“Every day that goes by without an asbestos ban is another day that American’s health and lives are being put at grave risk,” said Senator Jeff Merkley (D-OR) in a press release about the momentous day. “While the EPA fiddles, Americans are dying. More than 60 other nations have already recognized asbestos as the deadly substance it is, and acted to protect their citizens by banning asbestos. It’s time for us to catch up to the rest of the developed world, and end this dangerous public health threat once and for all.”

ADAO looks forward to Senator Merkley’s continued support as ARBAN heads to the Senate. 

As approved by the House Energy and Commerce Committee on November 19, 2019, H.R. 1603 would accomplish several critical public health objectives:

  • It would ban importation and use of asbestos and asbestos containing products within one year of enactment.
    Chlor-alkali plants using asbestos diaphragms would need to eliminate the use of asbestos and convert to non-asbestos technology following a transition period.
  • The bill would establish a new Right-to-Know program to require anyone who has imported, processed and distributed asbestos to report and disclose to the public how much asbestos has been in U.S. commerce, where and how it has been used, and who has been exposed.
  • The National Academy of Sciences (NAS) would conduct a comprehensive study of risks presented by “legacy” asbestos used in buildings constructed decades ago but still present in millions of residences, businesses, factories, public buildings, and schools.
  • The presence of asbestos contaminants in consumer products and construction materials would be stringently controlled.
  • The hazardous Libby Amphibole form of asbestos, found in attic insulation in millions of homes, would be covered by the ban.

“Committee members did the right thing when they voted for H.R. 1603 on Tuesday, which requires the federal government to assess risks from so-called legacy asbestos,” said Rebecca L. Reindel, AFL-CIO’s Safety and Health Director. “‘Legacy’ asbestos in our buildings does not create legacy exposures, but instead puts teachers, fire fighters, maintenance, repair, construction workers and many others at serious risk of disease and death on the job. This bill will save lives.”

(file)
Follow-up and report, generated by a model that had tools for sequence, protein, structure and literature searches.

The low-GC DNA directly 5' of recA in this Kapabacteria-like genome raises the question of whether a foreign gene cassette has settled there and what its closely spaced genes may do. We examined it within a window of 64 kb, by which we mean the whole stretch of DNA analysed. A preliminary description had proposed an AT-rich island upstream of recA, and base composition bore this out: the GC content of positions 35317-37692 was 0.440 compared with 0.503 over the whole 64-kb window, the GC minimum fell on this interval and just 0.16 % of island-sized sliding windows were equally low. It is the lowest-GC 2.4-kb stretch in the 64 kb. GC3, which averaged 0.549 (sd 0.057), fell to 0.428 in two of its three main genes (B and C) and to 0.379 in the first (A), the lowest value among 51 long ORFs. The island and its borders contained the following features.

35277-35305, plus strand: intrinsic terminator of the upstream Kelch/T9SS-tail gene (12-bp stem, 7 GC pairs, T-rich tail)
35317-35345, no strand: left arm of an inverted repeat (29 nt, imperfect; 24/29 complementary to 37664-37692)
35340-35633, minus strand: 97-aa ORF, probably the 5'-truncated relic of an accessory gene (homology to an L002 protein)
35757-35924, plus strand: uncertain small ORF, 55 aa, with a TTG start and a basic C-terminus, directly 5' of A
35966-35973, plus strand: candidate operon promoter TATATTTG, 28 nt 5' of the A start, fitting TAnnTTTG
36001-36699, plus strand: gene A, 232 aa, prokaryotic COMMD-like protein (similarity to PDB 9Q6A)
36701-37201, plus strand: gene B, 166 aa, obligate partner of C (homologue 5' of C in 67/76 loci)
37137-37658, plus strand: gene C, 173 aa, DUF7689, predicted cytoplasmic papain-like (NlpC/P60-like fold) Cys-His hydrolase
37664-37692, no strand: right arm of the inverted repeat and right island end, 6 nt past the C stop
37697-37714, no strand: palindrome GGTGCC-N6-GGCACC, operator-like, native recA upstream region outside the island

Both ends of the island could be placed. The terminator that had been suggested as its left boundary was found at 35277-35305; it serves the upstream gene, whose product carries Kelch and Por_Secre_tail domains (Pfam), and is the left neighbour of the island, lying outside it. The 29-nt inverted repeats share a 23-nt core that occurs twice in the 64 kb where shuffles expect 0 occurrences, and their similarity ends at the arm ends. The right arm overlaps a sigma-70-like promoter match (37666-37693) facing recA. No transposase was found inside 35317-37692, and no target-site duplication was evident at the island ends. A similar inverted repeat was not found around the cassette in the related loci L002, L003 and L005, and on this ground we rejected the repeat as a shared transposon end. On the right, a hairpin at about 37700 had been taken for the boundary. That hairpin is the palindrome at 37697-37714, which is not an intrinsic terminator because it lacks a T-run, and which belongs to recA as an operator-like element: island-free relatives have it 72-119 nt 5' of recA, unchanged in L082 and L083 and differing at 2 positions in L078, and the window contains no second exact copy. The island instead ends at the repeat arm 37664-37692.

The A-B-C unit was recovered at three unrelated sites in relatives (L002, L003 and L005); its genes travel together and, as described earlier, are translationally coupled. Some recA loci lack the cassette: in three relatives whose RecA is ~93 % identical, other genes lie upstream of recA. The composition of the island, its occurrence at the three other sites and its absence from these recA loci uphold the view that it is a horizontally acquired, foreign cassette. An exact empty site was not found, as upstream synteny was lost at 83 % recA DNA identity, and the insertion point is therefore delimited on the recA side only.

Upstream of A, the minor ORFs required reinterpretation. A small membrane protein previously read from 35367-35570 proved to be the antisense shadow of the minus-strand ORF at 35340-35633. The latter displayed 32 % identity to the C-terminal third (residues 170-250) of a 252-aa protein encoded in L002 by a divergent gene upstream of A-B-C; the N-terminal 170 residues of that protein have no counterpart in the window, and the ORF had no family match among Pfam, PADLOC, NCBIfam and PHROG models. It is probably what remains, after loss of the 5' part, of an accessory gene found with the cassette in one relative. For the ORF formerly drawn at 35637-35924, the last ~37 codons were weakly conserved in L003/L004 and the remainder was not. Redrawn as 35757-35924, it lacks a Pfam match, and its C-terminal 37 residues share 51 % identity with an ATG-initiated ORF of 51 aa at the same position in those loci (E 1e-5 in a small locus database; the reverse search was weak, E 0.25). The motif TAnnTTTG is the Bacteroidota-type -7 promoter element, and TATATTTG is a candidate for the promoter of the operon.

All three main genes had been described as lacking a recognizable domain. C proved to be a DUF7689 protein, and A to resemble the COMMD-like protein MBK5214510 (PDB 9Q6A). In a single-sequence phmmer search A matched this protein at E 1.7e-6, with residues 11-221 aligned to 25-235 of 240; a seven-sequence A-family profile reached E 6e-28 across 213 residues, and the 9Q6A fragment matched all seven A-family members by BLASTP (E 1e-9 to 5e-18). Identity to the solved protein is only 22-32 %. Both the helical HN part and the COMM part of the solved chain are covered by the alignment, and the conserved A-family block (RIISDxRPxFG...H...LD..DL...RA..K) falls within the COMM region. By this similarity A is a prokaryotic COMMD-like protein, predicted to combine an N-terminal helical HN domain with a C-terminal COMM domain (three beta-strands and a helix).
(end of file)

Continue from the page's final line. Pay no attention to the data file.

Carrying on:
“Asbestos in schools and homes disproportionately affects people of color, people with disabilities, and people with low income,” said Celeste Monforton, DrPH, MPH, Member of the American Public Health Association.  “The bill’s provision for a comprehensive assessment of the presence of asbestos in the millions of residences, schools, and workplaces is of critical importance in order to address the risk of exposure and prevent asbestos-related disease.”

No other asbestos ban bill that has moved this far in the House towards passage with bipartisan backing.  ADAO sincerely thanks Committee for their hard work and commitment to advance ARBAN on a bipartisan basis.  We will continue to work with Congress to ban asbestos in America to protect public health from this deadly threat. The successful markup follows two successful legal battles against the EPA last week. We are gaining momentum, and we only plan to keep going. 

Together, we will make change possible.

Linda Reinstein